You are here
World Bank cost-cutting finance chief declines bonus
[WASHINGTON] The World Bank's finance chief said he would decline a bonus of US$94,000 in a move that appeared aimed at quelling discontent among staff who thought it out of line given planned layoffs and budget cuts.
Bertrand Badre, the chief financial officer who has pushed much of the cost-cutting at the bank, plans to turn down his bonus, World Bank President Jim Yong Kim announced to applause during a packed "town hall" forum for bank employees on Tuesday, two sources told Reuters.
A World Bank spokesman confirmed the information.
The poverty-fighting institution has been cutting costs as part of a massive reorganisation that Kim hopes will make it more efficient and effective.
But the changes in the bank's organization, its internal funding measures and its focus have demoralised employees, who fret about budget and job cuts, unclear lines of command and a general lack of information about the changes.
In the meeting with staff on Tuesday, Kim emphasised the progress the bank has made in recent months, including committing US$400 million to fight the Ebola outbreak and boosting the institution's ability to lend another US$100 billion to middle-income countries over the next decade.
But he said he needed to spend more time listening to staff concerns, according to a source who attended the meeting. "We are implementing fundamental changes to our development delivery model to become fit for purpose to meet today's most pressing challenges," World Bank spokesman David Theis said in an email. "Of course staff unease is natural and understandable in any large organisation undergoing such a large-scale realignment. "We believe we will come out of this process as a stronger, more unified organisation, better positioned to achieve our mission," Theis said.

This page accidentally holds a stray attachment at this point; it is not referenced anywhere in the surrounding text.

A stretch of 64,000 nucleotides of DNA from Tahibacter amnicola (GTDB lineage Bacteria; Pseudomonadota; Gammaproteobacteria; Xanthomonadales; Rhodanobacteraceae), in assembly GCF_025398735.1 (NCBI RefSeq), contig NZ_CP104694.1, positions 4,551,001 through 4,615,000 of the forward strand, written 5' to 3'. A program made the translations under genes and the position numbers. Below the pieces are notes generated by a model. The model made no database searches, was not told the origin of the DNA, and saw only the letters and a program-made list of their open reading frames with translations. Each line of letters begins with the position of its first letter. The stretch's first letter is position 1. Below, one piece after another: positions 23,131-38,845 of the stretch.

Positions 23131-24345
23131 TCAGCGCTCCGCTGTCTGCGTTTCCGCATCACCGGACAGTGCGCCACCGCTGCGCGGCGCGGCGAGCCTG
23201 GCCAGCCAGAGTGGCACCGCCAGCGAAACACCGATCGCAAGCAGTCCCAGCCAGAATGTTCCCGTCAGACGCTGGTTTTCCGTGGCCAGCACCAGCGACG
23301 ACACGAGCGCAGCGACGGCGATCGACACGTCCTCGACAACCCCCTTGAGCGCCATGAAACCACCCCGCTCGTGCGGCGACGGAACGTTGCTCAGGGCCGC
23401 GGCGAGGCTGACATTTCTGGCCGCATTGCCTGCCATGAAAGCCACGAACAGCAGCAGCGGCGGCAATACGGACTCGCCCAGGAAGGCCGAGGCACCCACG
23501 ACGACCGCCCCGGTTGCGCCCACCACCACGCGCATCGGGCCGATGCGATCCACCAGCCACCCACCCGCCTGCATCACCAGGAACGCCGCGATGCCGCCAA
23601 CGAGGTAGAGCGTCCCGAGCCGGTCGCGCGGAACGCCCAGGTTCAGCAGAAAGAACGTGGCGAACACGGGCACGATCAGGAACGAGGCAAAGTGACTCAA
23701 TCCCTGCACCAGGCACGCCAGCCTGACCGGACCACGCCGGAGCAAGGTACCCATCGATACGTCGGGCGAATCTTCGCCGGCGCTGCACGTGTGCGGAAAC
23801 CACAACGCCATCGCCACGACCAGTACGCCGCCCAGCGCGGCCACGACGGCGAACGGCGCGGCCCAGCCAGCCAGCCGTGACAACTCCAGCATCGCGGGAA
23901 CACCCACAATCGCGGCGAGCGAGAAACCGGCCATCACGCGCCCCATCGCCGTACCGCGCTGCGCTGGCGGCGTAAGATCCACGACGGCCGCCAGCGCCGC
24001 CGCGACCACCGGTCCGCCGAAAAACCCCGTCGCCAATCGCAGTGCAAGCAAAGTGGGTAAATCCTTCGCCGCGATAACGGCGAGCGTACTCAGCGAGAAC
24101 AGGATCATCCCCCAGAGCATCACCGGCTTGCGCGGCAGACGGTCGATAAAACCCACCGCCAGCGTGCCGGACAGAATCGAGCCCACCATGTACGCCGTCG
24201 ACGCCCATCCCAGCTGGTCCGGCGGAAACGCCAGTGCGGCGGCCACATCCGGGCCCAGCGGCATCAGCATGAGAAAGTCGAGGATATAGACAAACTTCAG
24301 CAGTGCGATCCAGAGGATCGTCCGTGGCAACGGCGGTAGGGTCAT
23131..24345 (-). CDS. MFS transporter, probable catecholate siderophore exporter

Kim's meeting with staff on Tuesday came after a 15-minute work "stoppage" employees organised last week, and a gathering of employees on Tuesday morning in the bank's large glass-topped atrium.
The protests come as the world's finance ministers and central bankers start to gather in Washington for the Bank and International Monetary Fund's semi-annual meetings this weekend. "In response to a request voiced by many staff today in the atrium, I'll be holding a townhall in the Preston Auditorium today at 4 pm to hear your concerns," Kim told staff in an email on Tuesday obtained by Reuters. "Let's talk." Last week, Kim posted a schedule of events where staff could voice concerns, including a meeting with the World Bank Staff Association on Monday and a traditional townhall with employees after the bank's fall meetings on Oct 15.
The World Bank wants to slash US$400 million from its budget by the middle of 2017 to free up money for development projects, and has said it would likely need to lay off some employees.
It has declined to say exactly how many jobs will be cut, as the so-called "Expenditure Review" is still ongoing. - Reuters